August 10, 2018

Reflection / John F. Fink

Saint from America cheerfully served God and lepers

John F. FinkAn unfortunately little-known American saint, Marianne Cope, died 100 years ago on Aug. 9. She served the lepers on the island of Molokai in Hawaii for 35 years.

St. Damien de Veuster is far better known since he went to the leper colony on Molokai earlier. He contracted leprosy (Hansen’s disease) and died on April 15, 1889. He was canonized by Pope Benedict XVI on Oct. 11, 2009. A statue of him is in Statuary Hall in the U.S. Capitol in Washington.

St. Marianne’s baptismal name was Barbara. Her family came to the United States from Heidelberg, Germany, when she was 1 year old and settled in Utica, N.Y. When she was 15, she felt called to religious life, but her family needed the wages she was earning in a factory. However, a month after her father died in 1862, when she was 24, she entered the Third Order of St. Francis, a religious community founded by Bishop John Neumann, another American saint.

She taught in elementary schools in northern New York and was involved in the decision to open hospitals in Utica and Syracuse. Then she was appointed chief administrator of St. Joseph’s Hospital in Syracuse and later was elected provincial.

After Father Damien established his mission among the lepers on Molokai, a priest representing the vicar apostolic of Hawaii sent letters to more than 50 religious congregations, including Mother Marianne’s, seeking sisters to work on Molokai. Mother Marianne was the only one who replied, but she did so enthusiastically, saying, “My interest is awakened and I feel an irresistible force drawing me to follow this call.”

The priest traveled to Syracuse to meet with Mother Marianne and her sisters. When he described the needs of the lepers on Molokai, Mother Marianne became even more enthusiastic. She convinced the Father Provincial of the Franciscan community to allow six sisters to go to Hawaii.

The plan was for Mother Marianne to accompany them to Hawaii to establish the new ministry, but then to return to Syracuse to continue her work as provincial. They arrived in Hawaii in November of 1883.

Once in Hawaii, though, it became apparent that Mother Marianne was needed there. There was considerable work to be done to establish the sisters there, obtain governmental approval for their plans, and begin to implement them. She wrote back to Syracuse that she simply had to remain in Hawaii for an extended period of time.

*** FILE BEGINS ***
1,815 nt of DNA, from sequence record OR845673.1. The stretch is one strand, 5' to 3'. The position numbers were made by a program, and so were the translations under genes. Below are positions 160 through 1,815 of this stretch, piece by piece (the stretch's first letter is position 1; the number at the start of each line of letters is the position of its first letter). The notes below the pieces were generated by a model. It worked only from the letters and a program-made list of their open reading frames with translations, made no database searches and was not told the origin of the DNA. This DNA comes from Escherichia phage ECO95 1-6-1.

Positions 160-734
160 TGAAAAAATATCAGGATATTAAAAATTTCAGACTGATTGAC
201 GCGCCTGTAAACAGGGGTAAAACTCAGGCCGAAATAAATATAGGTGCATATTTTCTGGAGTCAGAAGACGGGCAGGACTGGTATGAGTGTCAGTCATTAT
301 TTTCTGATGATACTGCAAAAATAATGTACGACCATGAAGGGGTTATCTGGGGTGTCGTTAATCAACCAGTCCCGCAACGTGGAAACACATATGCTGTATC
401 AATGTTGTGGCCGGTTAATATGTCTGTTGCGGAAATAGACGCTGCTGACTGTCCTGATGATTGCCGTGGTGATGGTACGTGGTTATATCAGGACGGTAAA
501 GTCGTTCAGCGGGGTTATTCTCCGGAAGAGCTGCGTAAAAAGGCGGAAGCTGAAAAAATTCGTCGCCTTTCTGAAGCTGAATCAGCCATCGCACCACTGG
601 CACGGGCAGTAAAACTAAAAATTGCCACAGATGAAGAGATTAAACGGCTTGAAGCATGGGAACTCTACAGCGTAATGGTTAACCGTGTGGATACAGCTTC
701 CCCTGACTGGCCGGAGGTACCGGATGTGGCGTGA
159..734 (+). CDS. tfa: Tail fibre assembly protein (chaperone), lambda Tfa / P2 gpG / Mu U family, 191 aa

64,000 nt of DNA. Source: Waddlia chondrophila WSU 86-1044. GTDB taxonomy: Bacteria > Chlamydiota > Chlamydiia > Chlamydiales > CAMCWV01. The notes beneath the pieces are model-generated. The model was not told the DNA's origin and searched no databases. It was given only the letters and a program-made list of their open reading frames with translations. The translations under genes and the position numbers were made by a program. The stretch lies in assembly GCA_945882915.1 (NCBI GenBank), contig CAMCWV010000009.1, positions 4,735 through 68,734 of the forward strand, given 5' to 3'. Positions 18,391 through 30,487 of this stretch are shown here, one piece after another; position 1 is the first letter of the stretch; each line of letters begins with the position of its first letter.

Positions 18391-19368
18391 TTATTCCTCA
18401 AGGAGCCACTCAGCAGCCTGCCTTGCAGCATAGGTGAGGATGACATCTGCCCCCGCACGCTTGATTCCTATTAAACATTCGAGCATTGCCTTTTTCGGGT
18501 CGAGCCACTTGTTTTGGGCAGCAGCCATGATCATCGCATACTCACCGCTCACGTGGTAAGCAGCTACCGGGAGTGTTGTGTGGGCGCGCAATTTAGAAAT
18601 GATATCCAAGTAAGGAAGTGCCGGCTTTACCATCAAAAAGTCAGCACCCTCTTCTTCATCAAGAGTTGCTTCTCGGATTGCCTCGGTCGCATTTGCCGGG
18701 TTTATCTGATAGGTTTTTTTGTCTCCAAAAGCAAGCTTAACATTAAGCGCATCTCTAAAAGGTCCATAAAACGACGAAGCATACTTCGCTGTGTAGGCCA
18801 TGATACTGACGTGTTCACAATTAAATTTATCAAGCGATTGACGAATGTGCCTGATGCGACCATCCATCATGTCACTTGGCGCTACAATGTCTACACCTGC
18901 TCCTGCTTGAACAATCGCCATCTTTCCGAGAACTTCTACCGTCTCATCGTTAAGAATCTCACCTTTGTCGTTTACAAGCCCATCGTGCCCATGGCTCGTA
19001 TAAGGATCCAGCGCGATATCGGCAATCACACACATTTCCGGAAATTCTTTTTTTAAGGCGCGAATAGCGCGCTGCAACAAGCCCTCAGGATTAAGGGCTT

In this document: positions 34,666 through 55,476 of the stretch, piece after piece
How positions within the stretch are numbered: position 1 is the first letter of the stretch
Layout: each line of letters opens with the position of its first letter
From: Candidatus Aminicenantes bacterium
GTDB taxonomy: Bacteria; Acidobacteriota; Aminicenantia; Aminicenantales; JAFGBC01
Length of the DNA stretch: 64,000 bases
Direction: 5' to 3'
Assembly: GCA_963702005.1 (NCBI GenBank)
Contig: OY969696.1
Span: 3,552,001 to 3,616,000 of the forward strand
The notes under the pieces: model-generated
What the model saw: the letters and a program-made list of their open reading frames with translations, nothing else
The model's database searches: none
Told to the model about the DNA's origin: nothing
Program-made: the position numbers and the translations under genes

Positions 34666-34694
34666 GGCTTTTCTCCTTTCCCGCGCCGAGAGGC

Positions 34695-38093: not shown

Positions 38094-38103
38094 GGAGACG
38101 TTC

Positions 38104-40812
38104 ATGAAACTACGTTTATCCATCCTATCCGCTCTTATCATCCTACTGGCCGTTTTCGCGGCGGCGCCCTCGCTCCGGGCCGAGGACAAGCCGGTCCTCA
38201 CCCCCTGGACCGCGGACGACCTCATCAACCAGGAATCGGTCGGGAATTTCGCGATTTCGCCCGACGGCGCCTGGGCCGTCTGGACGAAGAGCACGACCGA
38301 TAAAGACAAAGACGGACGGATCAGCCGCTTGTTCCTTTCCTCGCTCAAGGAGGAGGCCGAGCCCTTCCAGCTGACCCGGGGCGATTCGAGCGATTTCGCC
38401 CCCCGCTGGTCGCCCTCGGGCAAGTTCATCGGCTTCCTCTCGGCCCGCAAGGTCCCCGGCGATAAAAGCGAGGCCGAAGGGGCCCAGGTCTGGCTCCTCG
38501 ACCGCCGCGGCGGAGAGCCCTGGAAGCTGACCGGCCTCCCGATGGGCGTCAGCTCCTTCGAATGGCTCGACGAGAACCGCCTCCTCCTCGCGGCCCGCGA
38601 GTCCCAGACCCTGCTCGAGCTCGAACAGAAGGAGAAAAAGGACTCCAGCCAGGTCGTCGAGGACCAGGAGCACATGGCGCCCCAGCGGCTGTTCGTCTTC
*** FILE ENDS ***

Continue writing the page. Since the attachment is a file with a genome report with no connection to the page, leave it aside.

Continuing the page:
Then, when Father Damien contracted terminal leprosy in 1884, there was no possibility that Mother Marianne would return to Syracuse.

The sisters began their work at Kakaako Branch Hospital, where 200 patients were crowded in rooms built to house 100. By 1888, Mother Marianne had opened three facilities: a general hospital on Maui, the Kapiolani Home for healthy girls of leprous parents on Oahu, and the C. R. Bishop Home for homeless women and girls with leprosy on the Kalaupapa peninsula at Molokai.

In 1888, the Hawaiian Board of Health required all lepers to be transferred to Molokai. Mother Marianne moved there but continued to care for her sisters’ spiritual needs in other parts of Hawaii. The sisters on Oahu continued to care for the children at Kapiolani Home.

After Father Damien’s death in 1889, Mother Marianne began to care for his boys as well as for her girls, as she had promised Father Damien she would do. She always insisted on strict sanitary procedures, and no sister ever contracted the highly contagious Hansen’s disease.

She had to worry about more than the health of the lepers. She insisted that the women on Molokai be protected from groups of drunken men who attacked those who had no police to guard them. There were also predators who awaited the girls and boys as they arrived in the settlement.

In 1902 Mother Marianne wrote to her nephew, Paul Cope, “I am working for God, and do so cheerfully. How many graces did he not shower down on me, from my birth till now.”

She was 80 when she died at Kalaupapa on Molokai 100 years ago. She is interred in the cathedral in Honolulu. Pope Benedict XVI canonized her on Oct. 21, 2012. Her feast day is on Jan. 23.
 

(John F. Fink is editor emeritus of The Criterion.)

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